No one had ever taught me what a preposition was, so of course I looked like a fool for mocking the noble virtues of a grammar class. To this day I feel I was unjustly chastised; sure, I didn’t know what a preposition was, but to be honest I wasn’t too sure what grammar was either. I had groaned because the way he’d brought it up made it sound like it warranted a groan. And that’s a fundamental problem in the way we understand grammar. It’s presented as a dull set of tools, so we grow up believing it’s boring. Continue reading

How to use Twitter to build relationships

social media strategyIt took me a long time to get using Twitter for business. At times it could feel like a chore; follow new people to get new followers, scour the internet for something useful to share, give people a nod every time they interact with you. All in the course of getting an ever-increasing rate of followers and, joy, the ability to direct a fraction of those followers to your material. Then when you’ve got enough followers, sit back and spam them, watching your numbers continue to grow. This is not optimum use of Twitter, though. It has one major, very special function, that takes as much time as anywhere else, and has the potential to reap the same rewards. It’s all about building relationships. Continue reading

The Small Food Company: the healthiest (most delicious) food on Trafalgar St

small food company

Having recently helped with the copy for The Small Food Company’s website (full disclosure), I was delighted when they told me they’d opened a cafe just around the corner from me. So I’d like to take this space to recommend their services to anyone in the Brighton area, and beyond. Brilliantly situated just by the station, on Trafalgar Street, this local business has popped up from nowhere to offer fast, healthy food at very modest prices. And, realistically, what more could you possible want. Continue reading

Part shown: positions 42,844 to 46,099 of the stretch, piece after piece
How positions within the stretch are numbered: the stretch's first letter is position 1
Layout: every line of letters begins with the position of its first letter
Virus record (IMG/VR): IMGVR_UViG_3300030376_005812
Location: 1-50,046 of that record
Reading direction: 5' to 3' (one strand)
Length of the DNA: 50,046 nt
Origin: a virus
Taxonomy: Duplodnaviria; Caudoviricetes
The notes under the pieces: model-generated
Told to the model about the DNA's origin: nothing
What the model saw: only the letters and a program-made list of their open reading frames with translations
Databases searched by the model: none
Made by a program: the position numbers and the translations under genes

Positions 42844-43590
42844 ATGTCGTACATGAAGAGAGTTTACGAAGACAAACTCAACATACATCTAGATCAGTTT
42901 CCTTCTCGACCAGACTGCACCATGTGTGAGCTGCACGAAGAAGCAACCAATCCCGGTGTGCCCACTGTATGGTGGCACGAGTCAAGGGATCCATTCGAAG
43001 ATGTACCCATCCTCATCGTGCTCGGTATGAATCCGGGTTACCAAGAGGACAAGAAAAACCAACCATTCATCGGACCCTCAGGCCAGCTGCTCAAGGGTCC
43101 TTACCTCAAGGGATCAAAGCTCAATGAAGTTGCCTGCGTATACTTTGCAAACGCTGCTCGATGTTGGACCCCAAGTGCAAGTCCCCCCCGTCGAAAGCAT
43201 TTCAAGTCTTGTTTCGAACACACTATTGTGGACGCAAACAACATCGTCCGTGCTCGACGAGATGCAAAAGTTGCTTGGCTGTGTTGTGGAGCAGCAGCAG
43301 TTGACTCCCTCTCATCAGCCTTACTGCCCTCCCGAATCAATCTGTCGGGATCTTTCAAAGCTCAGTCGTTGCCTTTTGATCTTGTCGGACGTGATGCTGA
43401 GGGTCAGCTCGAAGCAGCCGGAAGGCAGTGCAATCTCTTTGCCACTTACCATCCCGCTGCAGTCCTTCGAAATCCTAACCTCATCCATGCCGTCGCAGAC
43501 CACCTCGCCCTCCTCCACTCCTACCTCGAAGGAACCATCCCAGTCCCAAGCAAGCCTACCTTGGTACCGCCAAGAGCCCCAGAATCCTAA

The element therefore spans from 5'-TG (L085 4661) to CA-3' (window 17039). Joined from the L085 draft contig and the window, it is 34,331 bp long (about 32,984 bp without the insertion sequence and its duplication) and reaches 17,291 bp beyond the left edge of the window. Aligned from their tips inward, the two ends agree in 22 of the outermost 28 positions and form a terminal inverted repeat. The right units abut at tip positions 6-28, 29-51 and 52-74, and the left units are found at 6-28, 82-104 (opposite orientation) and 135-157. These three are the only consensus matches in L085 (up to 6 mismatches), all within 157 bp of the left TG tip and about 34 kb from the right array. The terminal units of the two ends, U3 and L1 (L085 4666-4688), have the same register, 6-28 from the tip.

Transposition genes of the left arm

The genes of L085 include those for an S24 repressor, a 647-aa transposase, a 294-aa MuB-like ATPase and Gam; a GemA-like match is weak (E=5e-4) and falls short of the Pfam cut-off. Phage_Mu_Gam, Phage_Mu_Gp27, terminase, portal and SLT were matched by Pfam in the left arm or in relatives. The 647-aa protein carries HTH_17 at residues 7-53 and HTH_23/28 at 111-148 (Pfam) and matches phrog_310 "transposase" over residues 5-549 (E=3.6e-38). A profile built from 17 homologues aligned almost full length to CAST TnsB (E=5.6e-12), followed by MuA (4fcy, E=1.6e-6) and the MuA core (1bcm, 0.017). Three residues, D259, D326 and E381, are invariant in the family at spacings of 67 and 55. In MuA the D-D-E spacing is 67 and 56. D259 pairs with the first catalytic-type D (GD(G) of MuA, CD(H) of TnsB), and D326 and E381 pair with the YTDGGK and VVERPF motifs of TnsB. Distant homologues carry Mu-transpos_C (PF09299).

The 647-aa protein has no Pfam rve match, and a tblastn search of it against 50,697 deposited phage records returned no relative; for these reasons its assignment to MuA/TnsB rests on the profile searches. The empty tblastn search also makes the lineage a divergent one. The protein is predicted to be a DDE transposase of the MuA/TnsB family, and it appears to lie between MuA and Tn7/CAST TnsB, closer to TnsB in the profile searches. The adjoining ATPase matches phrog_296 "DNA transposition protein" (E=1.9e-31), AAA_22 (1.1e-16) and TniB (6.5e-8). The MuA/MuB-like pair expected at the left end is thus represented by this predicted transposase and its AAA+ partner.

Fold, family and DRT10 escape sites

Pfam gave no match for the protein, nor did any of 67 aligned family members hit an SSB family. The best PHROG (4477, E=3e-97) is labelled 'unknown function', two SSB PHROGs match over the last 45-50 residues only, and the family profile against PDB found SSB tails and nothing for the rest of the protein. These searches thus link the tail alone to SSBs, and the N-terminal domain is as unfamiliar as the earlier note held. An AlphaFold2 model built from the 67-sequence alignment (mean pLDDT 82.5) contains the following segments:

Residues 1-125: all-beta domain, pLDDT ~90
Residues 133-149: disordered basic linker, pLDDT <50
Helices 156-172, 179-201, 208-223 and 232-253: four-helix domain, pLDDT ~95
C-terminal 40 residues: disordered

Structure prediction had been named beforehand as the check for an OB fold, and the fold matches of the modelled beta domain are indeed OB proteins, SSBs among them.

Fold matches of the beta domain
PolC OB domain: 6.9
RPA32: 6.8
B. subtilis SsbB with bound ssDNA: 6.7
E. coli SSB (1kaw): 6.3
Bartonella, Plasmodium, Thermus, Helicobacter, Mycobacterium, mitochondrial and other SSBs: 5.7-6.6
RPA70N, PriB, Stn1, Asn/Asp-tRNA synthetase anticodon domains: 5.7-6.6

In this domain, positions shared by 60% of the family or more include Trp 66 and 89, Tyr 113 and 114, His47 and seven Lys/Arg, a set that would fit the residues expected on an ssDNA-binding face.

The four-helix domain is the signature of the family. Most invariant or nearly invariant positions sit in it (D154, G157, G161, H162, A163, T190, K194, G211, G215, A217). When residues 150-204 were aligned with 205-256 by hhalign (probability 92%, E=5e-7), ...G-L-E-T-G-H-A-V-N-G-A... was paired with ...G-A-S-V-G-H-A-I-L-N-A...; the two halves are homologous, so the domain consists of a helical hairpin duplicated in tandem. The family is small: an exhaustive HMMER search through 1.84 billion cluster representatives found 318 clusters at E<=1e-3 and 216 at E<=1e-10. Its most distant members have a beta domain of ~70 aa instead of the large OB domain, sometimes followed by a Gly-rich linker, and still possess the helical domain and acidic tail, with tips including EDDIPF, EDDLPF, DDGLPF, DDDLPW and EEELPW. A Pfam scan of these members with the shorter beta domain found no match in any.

A short list of obscure words

obscure wordsThere comes a time in every blog’s career when it seems only prudent to populate it with lists of obscure or interesting words. Actually, this came about because I wanted to put something different on Twitter for the month of December – an advent of vocabulary instead of self-indulgent links. The result, my days of Christmas – a list of some of my favourite obscure words. Some of these are less common than others – some simply sound nice to say. They all come with examples, so you can use them wisely. Continue reading

Моя любимая реклама – exploring an old ad

ferroro rocher russianFor something a little different, I’ve decided to write a short advert analysis in Russian rather than English. Because let’s face it, that’s the next logical step for a blog about copywriting and advertising. So here’s my account of a much loved childhood advert. Fear not, there’s a translation below. And, of course, the actual advert. Continue reading

How not to hold a conversation

how to hold a conversationA while back, I was at a networking event chatting to three men who I’d not met before. They came from incredibly different backgrounds; each had a rather unique job, and from the sounds of it a rather unique life that had led them into that position. The result was one of the most fascinating conversations I’ve ever witnessed – but unfortunately not because of how interesting each of the men was. It was quite in spite of that fact. Continue reading